There is one exception: the analysis becomes much more straightforward when the temperature gradients over the area that is in contact with the environment can be neglected. In other words, a uniform temperature may be assumed. Such is often the case with relatively small heat sinks and spreaders.
A final complexity stems from the fact that decreasing the thickness of the plate does not automatically result in a decrease in temperature, caused by the fact that a smaller thickness also implies a decrease in spreading capability. Hence, for a certain combination of thickness and thermal conductivity, given the boundary conditions and the dimensions, a minimum in the total thermal resistance may be found.
Single Source, Multiple Layers
In practice we often have to deal with multiple layers.
Figure 3. Cross section through one planar source on a submount and a heat spreader.
Figure 3 shows a cross section of a single source on a submount, which is itself connected to a second spreader. Closer observation reveals two heat spreading effects: one from submount to spreader, and one from the source to the submount. To first order, this problem can be handled as a single layer problem, provided the boundary condition of the first layer is replaced by the spreading plus the boundary condition of the second layer.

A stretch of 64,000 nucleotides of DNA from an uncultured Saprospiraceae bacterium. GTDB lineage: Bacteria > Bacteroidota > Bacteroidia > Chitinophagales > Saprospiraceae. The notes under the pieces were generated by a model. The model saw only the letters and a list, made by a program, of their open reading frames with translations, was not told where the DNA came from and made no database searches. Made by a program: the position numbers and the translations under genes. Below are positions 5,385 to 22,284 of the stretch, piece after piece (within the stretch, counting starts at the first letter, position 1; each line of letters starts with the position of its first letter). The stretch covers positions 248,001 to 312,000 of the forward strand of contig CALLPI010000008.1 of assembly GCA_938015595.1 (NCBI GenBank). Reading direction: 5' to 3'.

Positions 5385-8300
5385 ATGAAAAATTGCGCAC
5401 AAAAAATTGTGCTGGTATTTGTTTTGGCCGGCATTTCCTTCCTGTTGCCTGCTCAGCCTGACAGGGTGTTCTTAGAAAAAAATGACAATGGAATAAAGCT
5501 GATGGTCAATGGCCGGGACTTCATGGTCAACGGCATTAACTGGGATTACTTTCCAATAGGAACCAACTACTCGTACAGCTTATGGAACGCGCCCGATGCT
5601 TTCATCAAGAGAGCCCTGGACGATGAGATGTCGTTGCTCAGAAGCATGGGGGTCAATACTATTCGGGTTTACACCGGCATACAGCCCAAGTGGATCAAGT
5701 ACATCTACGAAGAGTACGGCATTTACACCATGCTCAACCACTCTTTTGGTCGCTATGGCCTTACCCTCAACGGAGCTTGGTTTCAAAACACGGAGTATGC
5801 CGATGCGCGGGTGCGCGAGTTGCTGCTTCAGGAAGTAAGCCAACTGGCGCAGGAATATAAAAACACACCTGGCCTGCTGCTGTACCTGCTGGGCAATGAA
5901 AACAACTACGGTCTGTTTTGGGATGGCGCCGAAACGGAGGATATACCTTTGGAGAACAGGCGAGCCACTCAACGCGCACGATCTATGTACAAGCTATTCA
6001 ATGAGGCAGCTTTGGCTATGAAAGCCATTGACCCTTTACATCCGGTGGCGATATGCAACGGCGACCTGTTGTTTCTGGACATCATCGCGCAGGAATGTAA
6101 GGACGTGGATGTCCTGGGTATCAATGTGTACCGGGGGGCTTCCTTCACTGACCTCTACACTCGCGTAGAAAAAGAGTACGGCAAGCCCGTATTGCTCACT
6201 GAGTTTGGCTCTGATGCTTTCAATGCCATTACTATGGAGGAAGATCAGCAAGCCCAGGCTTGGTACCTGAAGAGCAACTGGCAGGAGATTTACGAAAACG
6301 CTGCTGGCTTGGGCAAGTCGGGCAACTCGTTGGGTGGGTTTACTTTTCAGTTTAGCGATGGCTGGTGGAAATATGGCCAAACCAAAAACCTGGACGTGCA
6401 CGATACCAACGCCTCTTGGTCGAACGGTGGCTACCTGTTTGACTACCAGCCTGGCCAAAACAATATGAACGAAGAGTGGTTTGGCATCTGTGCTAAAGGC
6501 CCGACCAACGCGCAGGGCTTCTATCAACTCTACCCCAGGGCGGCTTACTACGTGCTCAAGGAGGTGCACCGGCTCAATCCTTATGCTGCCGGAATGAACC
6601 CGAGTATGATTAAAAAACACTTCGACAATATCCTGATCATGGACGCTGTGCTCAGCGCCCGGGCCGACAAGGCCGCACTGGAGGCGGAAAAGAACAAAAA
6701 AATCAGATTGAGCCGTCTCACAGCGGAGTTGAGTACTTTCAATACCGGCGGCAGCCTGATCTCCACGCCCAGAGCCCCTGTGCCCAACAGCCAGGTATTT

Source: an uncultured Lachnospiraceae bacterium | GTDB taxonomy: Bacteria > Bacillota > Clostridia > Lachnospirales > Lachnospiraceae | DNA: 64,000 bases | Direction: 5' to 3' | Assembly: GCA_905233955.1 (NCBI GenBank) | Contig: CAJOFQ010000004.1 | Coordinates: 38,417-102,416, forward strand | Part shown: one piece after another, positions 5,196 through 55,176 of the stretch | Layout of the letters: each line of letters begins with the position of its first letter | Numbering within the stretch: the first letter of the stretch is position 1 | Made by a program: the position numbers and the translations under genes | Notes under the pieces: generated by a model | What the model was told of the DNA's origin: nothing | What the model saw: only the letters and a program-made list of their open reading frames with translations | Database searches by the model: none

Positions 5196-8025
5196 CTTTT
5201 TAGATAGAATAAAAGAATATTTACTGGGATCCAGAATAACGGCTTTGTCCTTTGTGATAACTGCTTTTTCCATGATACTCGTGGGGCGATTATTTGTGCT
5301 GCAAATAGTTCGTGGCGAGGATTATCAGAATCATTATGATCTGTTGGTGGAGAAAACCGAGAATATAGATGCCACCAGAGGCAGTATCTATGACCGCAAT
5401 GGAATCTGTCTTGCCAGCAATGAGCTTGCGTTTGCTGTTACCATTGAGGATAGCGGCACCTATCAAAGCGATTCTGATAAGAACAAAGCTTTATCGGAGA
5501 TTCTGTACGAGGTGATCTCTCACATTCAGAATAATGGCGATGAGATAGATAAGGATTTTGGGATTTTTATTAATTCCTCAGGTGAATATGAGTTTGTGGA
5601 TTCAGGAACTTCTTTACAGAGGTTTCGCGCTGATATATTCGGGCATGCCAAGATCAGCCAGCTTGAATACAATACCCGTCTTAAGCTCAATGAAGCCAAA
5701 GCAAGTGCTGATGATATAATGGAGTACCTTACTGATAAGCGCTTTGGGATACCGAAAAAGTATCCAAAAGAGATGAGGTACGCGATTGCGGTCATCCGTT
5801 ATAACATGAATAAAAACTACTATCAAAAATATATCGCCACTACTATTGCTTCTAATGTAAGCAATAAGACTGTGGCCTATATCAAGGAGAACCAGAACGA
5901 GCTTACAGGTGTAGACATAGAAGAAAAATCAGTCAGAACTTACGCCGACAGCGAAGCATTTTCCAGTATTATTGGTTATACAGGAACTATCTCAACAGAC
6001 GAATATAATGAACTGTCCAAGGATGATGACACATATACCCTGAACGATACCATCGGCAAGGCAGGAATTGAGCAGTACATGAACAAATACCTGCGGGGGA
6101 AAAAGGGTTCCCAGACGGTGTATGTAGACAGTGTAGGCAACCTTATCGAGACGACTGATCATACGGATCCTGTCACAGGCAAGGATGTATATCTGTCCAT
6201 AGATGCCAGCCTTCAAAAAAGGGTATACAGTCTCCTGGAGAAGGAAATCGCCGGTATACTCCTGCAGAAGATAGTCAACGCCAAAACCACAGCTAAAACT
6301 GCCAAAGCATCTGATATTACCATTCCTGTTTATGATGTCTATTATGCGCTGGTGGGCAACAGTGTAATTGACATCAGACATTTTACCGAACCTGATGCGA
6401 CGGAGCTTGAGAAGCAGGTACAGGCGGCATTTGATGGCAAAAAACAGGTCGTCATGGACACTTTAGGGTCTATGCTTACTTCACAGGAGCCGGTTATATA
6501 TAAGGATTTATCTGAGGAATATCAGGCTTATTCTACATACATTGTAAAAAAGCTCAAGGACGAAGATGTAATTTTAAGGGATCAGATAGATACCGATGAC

Multiple sources add another layer of complexity because the coupling between the sources is not only dependent on the dimensions and physical properties but also on the boundary conditions and, worst of all, on the dissipation of the sources themselves. Using superposition techniques is the recommended approach.
Approximate Heat Spreading Solutions for the Single Source-Single Layer Problem
In the following, three approximate solutions will be discussed.
The 1D-Series-Resistance Approach
Equation 3 describes the temperature rise of the source due to dissipation q via a total thermal resistance Rtotal from junction to ambient. While it is physically correct, splitting up this resistance according to equations 4 and 5 is not.
with g=f (As, A) some geometrical factor representing the spreading, e.g., the 45� rule.